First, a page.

April 17, 2021

How the Movie “My Girl” Helped me through Grief.

When someone asks me for my favorite movie, my head starts to spin trying to find “that one.”

Most of the time, “My Girl” turns out to be the ultimate choice.

I have lost count of all the times that I have watched it. I have laughed and cried with it so many times.

Why is it my favorite if it makes me cry?

That’s how I get attached to movies, books, and music. They break me. In doing so, I create a sort of bond with them that, even if time passes and I forget about them for a while, they’re right here—inside my heart.


“My Girl” became important to me again in my early 20s because I went through something quite similar to the main character. There’s nothing like losing a best friend. Death leaves a hole in our hearts. Vada, our sweet handful of a main character from the movie, learns that the hard way—don’t we all really?

She always had this sort of confusing fascination toward death—what is it? Why do we die? How does it happen?

When I was maybe seven or eight, my mom told me what “death” meant. I asked myself the same questions. I even cried out of frustration because no matter where I looked, nothing and no one would give me an answer.

When tragedy strikes, we end up looking at the eyes of death without realizing it.

Death is comparable to love. In time, I learned to make peace with the fact that death is unavoidable. There’s no reason to fear or hate it.

Yet, grief is always in my broken heart.

Since Vada, in the film, copes with her loss by writing a poem, I decided to do the same. I’m no poet. It’s not perfect, but it comes from the deepest side of my heart—right where I still keep my best friend.


Vada Sultenfuss is a character of a movie,
She goes through changes and complications,
She likes to read on her vacation.
She has only one good buddy,
They climb trees and ride together,
He thinks she has too much imagination,
But that’s alright because she is taking poetry lessons.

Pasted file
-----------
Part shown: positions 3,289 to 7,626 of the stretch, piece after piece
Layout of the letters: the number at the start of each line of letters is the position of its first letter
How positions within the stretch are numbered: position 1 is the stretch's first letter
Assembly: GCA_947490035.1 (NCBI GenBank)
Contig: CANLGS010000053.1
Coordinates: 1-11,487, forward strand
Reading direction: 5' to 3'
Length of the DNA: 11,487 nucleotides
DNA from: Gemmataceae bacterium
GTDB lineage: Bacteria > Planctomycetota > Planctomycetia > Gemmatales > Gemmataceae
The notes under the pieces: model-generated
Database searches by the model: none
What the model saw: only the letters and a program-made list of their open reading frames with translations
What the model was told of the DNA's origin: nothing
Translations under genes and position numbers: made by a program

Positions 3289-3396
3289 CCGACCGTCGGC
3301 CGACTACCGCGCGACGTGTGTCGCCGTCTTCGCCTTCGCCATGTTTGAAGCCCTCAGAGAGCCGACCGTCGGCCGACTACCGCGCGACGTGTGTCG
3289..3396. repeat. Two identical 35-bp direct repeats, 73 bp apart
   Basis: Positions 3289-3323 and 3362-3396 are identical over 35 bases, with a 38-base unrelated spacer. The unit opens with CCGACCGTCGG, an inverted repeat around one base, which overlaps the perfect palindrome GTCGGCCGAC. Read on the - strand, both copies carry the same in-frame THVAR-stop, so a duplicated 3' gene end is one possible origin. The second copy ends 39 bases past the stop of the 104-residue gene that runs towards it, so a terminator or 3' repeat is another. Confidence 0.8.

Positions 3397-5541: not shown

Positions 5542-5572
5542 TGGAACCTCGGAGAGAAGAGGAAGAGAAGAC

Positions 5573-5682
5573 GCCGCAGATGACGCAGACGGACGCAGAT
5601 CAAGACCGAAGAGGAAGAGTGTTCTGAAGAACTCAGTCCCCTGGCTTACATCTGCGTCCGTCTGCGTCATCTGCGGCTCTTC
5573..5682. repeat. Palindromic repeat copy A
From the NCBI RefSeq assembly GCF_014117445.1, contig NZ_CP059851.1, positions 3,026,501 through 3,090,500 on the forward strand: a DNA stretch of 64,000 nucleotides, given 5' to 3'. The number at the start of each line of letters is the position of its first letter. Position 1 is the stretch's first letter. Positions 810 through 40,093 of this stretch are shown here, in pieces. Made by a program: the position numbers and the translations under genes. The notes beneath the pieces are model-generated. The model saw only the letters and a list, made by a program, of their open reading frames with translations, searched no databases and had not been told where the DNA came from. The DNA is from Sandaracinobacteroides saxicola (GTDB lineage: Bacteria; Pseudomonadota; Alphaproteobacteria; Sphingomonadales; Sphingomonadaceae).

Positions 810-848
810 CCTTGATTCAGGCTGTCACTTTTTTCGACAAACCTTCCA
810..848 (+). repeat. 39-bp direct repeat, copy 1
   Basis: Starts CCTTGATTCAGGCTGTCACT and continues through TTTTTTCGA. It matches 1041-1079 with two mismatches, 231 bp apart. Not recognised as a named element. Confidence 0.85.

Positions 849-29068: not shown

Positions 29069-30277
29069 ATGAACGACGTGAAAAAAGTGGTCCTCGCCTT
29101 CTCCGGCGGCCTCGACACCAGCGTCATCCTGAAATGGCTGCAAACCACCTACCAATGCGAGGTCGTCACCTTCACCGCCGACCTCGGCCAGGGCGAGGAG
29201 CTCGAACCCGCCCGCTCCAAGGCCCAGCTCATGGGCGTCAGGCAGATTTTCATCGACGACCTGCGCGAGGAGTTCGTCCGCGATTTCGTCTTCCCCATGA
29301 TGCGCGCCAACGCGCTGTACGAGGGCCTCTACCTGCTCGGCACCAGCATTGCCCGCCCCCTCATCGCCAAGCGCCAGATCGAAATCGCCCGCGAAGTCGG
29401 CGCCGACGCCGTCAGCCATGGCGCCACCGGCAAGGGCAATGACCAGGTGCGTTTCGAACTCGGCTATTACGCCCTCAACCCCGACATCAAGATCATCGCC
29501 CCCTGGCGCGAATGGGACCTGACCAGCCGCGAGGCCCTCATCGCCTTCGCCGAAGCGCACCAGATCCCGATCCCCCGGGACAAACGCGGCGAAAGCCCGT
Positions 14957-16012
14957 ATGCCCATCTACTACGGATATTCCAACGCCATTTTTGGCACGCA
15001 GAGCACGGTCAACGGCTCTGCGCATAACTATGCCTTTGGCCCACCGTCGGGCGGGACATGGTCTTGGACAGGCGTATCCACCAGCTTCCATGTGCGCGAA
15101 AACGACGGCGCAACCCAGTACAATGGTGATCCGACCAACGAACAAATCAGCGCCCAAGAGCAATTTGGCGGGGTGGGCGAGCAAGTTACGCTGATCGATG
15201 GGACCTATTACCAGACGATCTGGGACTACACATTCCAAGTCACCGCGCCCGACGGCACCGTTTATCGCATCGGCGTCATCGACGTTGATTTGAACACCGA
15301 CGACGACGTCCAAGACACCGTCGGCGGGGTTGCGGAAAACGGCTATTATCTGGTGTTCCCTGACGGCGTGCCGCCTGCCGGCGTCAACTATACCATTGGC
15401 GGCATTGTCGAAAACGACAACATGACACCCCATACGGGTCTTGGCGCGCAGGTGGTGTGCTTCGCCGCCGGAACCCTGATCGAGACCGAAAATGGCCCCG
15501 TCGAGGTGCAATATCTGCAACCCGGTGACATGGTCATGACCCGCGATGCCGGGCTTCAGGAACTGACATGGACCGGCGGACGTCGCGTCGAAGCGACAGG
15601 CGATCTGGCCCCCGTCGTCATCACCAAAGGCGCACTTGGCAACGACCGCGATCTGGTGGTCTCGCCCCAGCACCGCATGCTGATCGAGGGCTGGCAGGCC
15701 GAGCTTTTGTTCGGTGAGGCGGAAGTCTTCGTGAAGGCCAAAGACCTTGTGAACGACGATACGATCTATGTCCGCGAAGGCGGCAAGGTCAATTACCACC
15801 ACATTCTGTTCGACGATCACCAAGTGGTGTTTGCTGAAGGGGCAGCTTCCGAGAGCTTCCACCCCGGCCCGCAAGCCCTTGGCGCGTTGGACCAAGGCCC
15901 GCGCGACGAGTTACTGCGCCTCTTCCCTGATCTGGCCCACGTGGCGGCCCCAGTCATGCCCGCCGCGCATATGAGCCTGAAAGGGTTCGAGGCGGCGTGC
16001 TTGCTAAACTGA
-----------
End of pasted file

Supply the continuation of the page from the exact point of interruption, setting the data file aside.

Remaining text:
She invents diseases and plays with dying,
She doesn’t know that Death is coming,
Not to her, but she’ll know all about it.

She gets lost, where’s she gonna go?
She’s gonna visit their favorite place,
And will remember he’ll always be there
Living in her memories,
Living in her heart,
The same one who’s now missing a part.

How can she know things will be alright?
Maybe she doesn’t,
But she has to let the days go by,
Stop her tears and start to smile,
He’s now in a better place,
He’s living in her heart.

I try not to think about you,
But that’s all I do right now.

If only I knew what you’d do,
Probably sing bad songs,
And wear the best smile of the room,
You’ll probably be covered in light,
Dancing with everyone around you.

You see, I can’t stop remembering you,
It feels like I’m not living
Because I’m not with you.
You won’t take me to the movies,
I’m not the kid I knew.
You were still proud of me,
I don’t know if I gave you reasons to.

You are in everything I write.
You’re not here,
But you are in all the beauty I meet.

If you want me to be clear:
Why? How?
I don’t need the answers, I need you,

It’s alright because you know I love you.

If you don’t want me to cry, then I’ll stop.
But sometimes you must know it’s hard,
I miss you and I have to tell you that.


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